On a very basic level, organizational effectiveness is a seemingly apolitical term used in the nonprofit sector to demonstrate how successful an organization is in achieving its stated goals. This has translated into tools and methods that help groups develop measurement units of their work — like demographically naming the population being served, counting the number of people served, and showing the level of satisfaction of those served. But these are very contained, focused, logical, short-term, and absent a worldview.
For me, just using the “organizational effective” paradigm alone misses a more dynamic beginning and evolution of organizations that helps us understand and answer the question of, “So What?” or “Organizational effectiveness for what?”
Our latest OFP peer learning call featured Helena Wong from CAAAV: Organizing Asian Communities. Helena shared her perspectives and experiences on building collective leadership, cross-generational community involvement in their organization, and their work on intersectional issues in the NYC context.
(We’ll be posting additional insights, reactions and learnings from our guest & participants… so stay tuned!)
CAAAV was founded by Asian women in 1986 as one of the first to mobilize against anti-Asian violence in NYC. CAAAV focuses on institutional violence affecting immigrant, poor and working-class communities such as worker exploitation, urban poverty, police brutality, INS detention / deportation, and criminalization of youth…
As part of our ongoing learning and broader community sharing, the NGEC staff is sharing a few key reflections about the 1st year of our capacity building approach, process and tools from the NGEC Organizational Fellowship Program cohort.
Knowing that there isn’t “one model” for change, we’re actively documenting the questions, processes and challenges of our cohort that offer “signs of progress.”
See the full text here: http://genderandequity.org/year1ofp
We’ve recently updated our listing of some tools and resources from partners and other nonprofit allies that we think you may find useful. Browse the full list on our website: http://genderandequity.org/resources_list or simply click on one of the categories below.
Board Development & Governance
Capacity Building & Strategic Planning
Collaborations & Coalition Building
Community Building & Community Development
Evaluation & Working with Consultants
Facilitation, Forums & Surveys
Fundraising, Grant writing & Budgeting
Gender, Gender Identity, LGBTQ
Immigration & Refugee Issues
Leadership Development & Intergenerational Issues
Media & Communications
Organizational Assessment & Development
Racial Equity & Asset-Based Approaches
Social Justice & Movement Building
Technology (for nonprofits)
Theory of Social Change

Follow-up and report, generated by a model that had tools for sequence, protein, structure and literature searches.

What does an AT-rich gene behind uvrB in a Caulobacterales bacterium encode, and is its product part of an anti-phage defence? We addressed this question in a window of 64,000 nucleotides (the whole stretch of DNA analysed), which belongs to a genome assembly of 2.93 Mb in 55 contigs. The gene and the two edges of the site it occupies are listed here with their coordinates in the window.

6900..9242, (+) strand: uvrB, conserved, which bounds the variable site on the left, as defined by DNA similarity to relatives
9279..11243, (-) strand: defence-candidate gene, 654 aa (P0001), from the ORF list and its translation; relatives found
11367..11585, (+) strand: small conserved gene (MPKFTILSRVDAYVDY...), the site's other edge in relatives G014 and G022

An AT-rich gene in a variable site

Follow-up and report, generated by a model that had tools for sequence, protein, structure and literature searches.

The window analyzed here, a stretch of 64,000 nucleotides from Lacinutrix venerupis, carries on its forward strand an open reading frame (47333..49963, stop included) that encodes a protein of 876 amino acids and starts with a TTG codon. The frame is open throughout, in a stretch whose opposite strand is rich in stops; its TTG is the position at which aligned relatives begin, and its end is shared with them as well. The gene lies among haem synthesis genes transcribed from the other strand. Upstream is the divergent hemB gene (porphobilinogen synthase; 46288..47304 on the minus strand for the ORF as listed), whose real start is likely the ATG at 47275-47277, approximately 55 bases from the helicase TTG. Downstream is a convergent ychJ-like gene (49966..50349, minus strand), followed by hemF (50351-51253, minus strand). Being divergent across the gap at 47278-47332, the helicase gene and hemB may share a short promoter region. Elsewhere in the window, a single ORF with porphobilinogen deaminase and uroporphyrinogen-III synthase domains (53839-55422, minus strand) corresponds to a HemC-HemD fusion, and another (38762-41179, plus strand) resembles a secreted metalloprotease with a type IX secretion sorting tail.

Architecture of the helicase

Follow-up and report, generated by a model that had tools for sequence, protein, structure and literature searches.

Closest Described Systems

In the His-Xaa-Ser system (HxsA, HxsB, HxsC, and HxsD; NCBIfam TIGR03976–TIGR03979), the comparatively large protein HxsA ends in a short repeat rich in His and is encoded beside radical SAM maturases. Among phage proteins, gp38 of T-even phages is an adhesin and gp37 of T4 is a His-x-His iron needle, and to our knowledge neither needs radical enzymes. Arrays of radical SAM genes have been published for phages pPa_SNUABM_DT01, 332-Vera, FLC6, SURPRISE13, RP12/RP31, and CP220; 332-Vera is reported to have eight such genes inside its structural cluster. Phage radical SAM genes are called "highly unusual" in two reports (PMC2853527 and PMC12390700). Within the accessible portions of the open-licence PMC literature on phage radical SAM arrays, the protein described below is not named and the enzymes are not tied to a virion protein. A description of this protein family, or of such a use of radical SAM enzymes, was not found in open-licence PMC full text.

advocacy, capacity building, communications, community building, community organizing, domestic violence, equity, gender, leadership development, LGBTQ, media, movement building, ngec, nonprofit technology, nonprofits, organizational development, philanthropy, racial equity, resources, social justice, theory of social change, tools
NGEC OFP’s Sample Exercises and Team Activities
Although they represent just a sampling of what we do in our intensive 3-year capacity building program, NGEC shares these resources in the spirit of making them available to wider audiences.
We hope folks find them useful and applicable to other areas of work. NGEC welcomes and appreciate your feedback as we continue to refine and update these tools as they are tested and adapted by the community.
Sharing an article from Race Wire about recent events that unfolded around the Lunar New Year Parade in the Vietnamese-American community of Westminster, CA.
Also, a link to a Vietnamese LGBT group for further information and on going updates.
Since last summer, NGEC’s Organizational Fellowship Program (OFP) members have been participating in an online learning community we started on Ning.com.
With 6 organizations based in California and 6 based in Minnesota in the OFP , NGEC wanted to experiment with ways to bridge the distances through an online accessible space for folks to stay in touch, share information, and conduct peer learning. Although there were many options out there for social networking platforms (including things like Facebook or customizable platforms like, Elgg) Ning has turned out to be a good choice for us for several reasons: Read the rest of this entry »
educational technology, genderandequity.org, ngec, NGEC's Organizational Fellowship Program (OFP), ning for nonprofits, nonprofits, online learning community, social network, techsoup, training, webinar
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Welcome to the BRIDGE blog!The AAPIP NGEC / BRIDGE blog features news, resources, & fresh perspectives on building a stronger social justice movement infused with gender & equity values ~ with and by Asian American Pacific Islander grassroots community organizations. Visit aapip.org & genderandequity.org for more information!
- There is Nothing More Difficult
- How NGEC’s Organizational Fellowship Program Built Our Organization’s Capacity to Achieve Gender Equity
- Ending at the Beginning: A Reflection about the Final Convening of Organizational Fellowship Program
- For Women to Be All That They Can Be
- California OFP Cohort Explores Challenges to Movement Building and Gender Democracy
- RT @howtogive: Most bang for the buck on capacity building? Peer exchange and coaching. @TCCGROUP #2012GEO 1 year ago
- RT @lutongwang: Training with @aapipngec about gender equity with @cpasf. So informative and thought provocative! #justice #gender #lgbt 1 year ago
- RT @Redbrandog: @CPASF participating in @AAPIPNGEC gender equity training all day. Challenging patriarchy and homophobia to advance qual ... 1 year ago